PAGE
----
J.F. Rains

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Alaric the Fox

Alaric was the kind of fox who reinvented himself every three months. So when things didn’t work out in the forest, he decided to try his luck with humans.

He stepped inside a little vegan cafe with a “help wanted” sign and took the stage (it was open mic night), and did a stirring spoken-word piece about dead crows. He was wearing patched-up jeans and a vintage polyester butterfly collar shirt open to the third button, and all the women fell in love with him.

The owner offered him a job baking vegan cookies.

He took the job, and every day after his shift he wrote poetry in his Moleskine notebook, while admirers sipped coffee and gazed at him. In particular, there was a beautiful woman named Rose who admired his poetry, his fox-ness, and everything he was and was not and all that he might become.

He liked her at first, but before long he found her annoying and not-quite-beautiful-enough and somewhat lacking in fashion-sense. He became depressed. “I need direction,” he said once, to his cadre of followers, and someone suggested he see the lady upstairs.

The lady upstairs was Dr. Mary Weather, Certified Life Coach. Her office was in a tiny room above the cafe. She sat behind a cluttered desk. She wore navy slacks and a white blouse and pearl earrings and a pair of black bifocals.

“What I really want,” Alaric began, “is…beauty. Specifically, I want to know a really beautiful woman. The most beautiful woman in the world. Or someone, at least, in the top ten percent.”

“Wouldn’t you rather know a beautiful female of your own species?” Dr. Weather asked, shuffling through 5x7s of beautiful foxes.

 “Been there done that,” Alaric said.

 “I see. Hm. Well, how do you plan to achieve your goal?”

 “I’m not sure. That’s why I came to you.”

Dr. Weather began moving the stacks of things around on her desk, until she found a manila file folder with “How to meet a beautiful woman” written in black sharpie on the outside. She opened the file. “Here are some worksheets on confidence, empathy, social skills, emotional intelligence, getting in shape, making more money, and personal grooming…”

Alaric took the folder with the papers out of Dr. Weather’s hand and threw it across the room. The papers flew into the air in a hundred directions and came floating gently downwards.

“Well,” Dr. Weather said, “clearly you are beyond all this,” she waved her hand as if to include the entire office and its contents. Then she looked into his eyes. “There is another way.”

“Tell me,” Alaric said. “I have money.” He pulled out a wad of cash from his jeans pocket and flung it onto the desk.

“I don’t usually share this with my clients, but if you want to meet a beautiful woman, go to an art museum on a rainy day. Find a painting with a woman that you consider uncommonly beautiful. Fall asleep in front of the painting listening to Bach’s Partita in D minor. When you wake up, you will be in the presence of the most beautiful woman in the world.”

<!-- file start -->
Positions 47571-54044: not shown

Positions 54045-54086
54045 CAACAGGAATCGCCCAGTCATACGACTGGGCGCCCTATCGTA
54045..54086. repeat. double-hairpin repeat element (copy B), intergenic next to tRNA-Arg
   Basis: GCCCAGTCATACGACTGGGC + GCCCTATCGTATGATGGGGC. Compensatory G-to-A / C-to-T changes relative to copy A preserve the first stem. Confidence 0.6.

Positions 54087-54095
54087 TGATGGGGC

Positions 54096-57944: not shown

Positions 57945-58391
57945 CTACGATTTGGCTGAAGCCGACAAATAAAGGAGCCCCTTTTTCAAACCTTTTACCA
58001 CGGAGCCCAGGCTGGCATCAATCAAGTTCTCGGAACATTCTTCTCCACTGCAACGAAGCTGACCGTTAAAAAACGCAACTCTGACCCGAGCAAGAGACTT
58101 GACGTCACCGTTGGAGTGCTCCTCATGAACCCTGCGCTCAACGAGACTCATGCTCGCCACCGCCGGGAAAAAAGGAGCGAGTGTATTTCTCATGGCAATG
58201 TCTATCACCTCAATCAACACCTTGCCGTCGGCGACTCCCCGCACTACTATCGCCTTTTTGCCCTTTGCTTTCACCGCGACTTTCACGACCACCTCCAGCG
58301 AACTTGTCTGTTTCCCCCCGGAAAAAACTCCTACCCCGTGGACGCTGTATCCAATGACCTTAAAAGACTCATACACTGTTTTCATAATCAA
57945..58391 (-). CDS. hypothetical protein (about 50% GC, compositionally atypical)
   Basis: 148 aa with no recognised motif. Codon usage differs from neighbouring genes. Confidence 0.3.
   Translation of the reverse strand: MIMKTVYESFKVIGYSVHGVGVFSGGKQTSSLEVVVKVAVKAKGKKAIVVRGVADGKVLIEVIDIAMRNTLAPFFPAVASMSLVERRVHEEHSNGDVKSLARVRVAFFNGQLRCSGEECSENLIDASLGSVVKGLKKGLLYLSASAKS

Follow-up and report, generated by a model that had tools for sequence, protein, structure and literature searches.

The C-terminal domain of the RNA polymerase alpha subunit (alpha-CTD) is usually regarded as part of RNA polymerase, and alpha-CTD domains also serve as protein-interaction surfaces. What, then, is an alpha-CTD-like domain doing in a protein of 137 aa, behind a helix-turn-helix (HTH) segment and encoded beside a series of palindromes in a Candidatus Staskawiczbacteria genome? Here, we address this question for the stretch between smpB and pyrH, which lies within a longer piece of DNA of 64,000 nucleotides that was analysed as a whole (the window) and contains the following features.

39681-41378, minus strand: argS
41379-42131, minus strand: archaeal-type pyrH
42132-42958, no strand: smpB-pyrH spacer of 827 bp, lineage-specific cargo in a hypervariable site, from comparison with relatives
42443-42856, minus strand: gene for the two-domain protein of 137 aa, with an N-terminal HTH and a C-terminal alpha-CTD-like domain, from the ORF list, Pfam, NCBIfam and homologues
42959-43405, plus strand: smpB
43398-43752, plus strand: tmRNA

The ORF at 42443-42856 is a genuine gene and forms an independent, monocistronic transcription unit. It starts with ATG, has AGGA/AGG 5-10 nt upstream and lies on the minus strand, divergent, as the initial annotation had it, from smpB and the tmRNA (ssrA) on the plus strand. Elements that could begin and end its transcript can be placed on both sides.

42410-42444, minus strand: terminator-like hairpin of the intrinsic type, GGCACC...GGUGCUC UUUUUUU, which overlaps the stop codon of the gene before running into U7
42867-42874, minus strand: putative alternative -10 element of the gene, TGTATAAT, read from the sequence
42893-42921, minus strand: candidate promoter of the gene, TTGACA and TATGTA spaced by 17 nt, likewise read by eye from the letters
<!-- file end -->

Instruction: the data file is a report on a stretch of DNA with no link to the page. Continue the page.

“This better not be a trick,” Alaric said, and he got up and walked out.

The next time it rained, he walked to the art museum with the Bach piece cued on a device that he had borrowed from Rose. He wandered up and down and back and forth and all around the museum, till he finally found the painting “Girl Combing Her Hair” by Renoir. He stared and stared at the painting, lay on a bench in front of it, closed his eyes, put the earphones in, and pressed “play.”


When he came to, he found himself sitting in the passenger seat of a loud car. There was a large woman in the driver’s seat. She had long gray hair, which she wore in a braid down her back. Her face was round and pockmarked. She wore blue polyester pants with an elastic waistband and a huge purple sweatshirt. The backseat of the car was piled high with styrofoam containers, apparently filled with food. (After his three-month vegan stint, Alaric was pretty sure he smelled bird-flesh emanating from those containers).

“You must be the new volunteer Pastor Dave told me about. I’m Melba. Glad to have ya.”

“Where am I?” Alaric asked.

“Melba’s car. 1982 Ford Escort. Still runnin’, believe it or not. We are delivering Thanksgivin’ meals for the shut-ins. Some elderly, some sick, some dyin’. Some all three.”

“You’re not the most beautiful woman in the world,” Alaric said, irritably.

Melba laughed heartily at this for a full five minutes or so, and then she said, “Your good looks ain’t gonna get you to Heaven, Foxy. You better get your heart right with the Lord.”

After Alaric the Fox helped Melba deliver Thanksgiving meals to shut-ins, and after he had ascertained that none of the shut-ins were the most beautiful woman in the world, and after he had devoured an entire turkey himself (plus a good amount of sweet potato casserole), he went with Melba to the First Baptist Church and had a heart-to-heart with Pastor Dave.

He got right with the Lord and was baptized that Sunday.

He received his ordination from an online seminary three weeks later, and he went back into the forest, to share the Good News.

J.F. Rains is a musician and mother of four who lives near Chattanooga, TN.

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Artwork: “Fox Print” by Dylan Meconis, Flickr.com.

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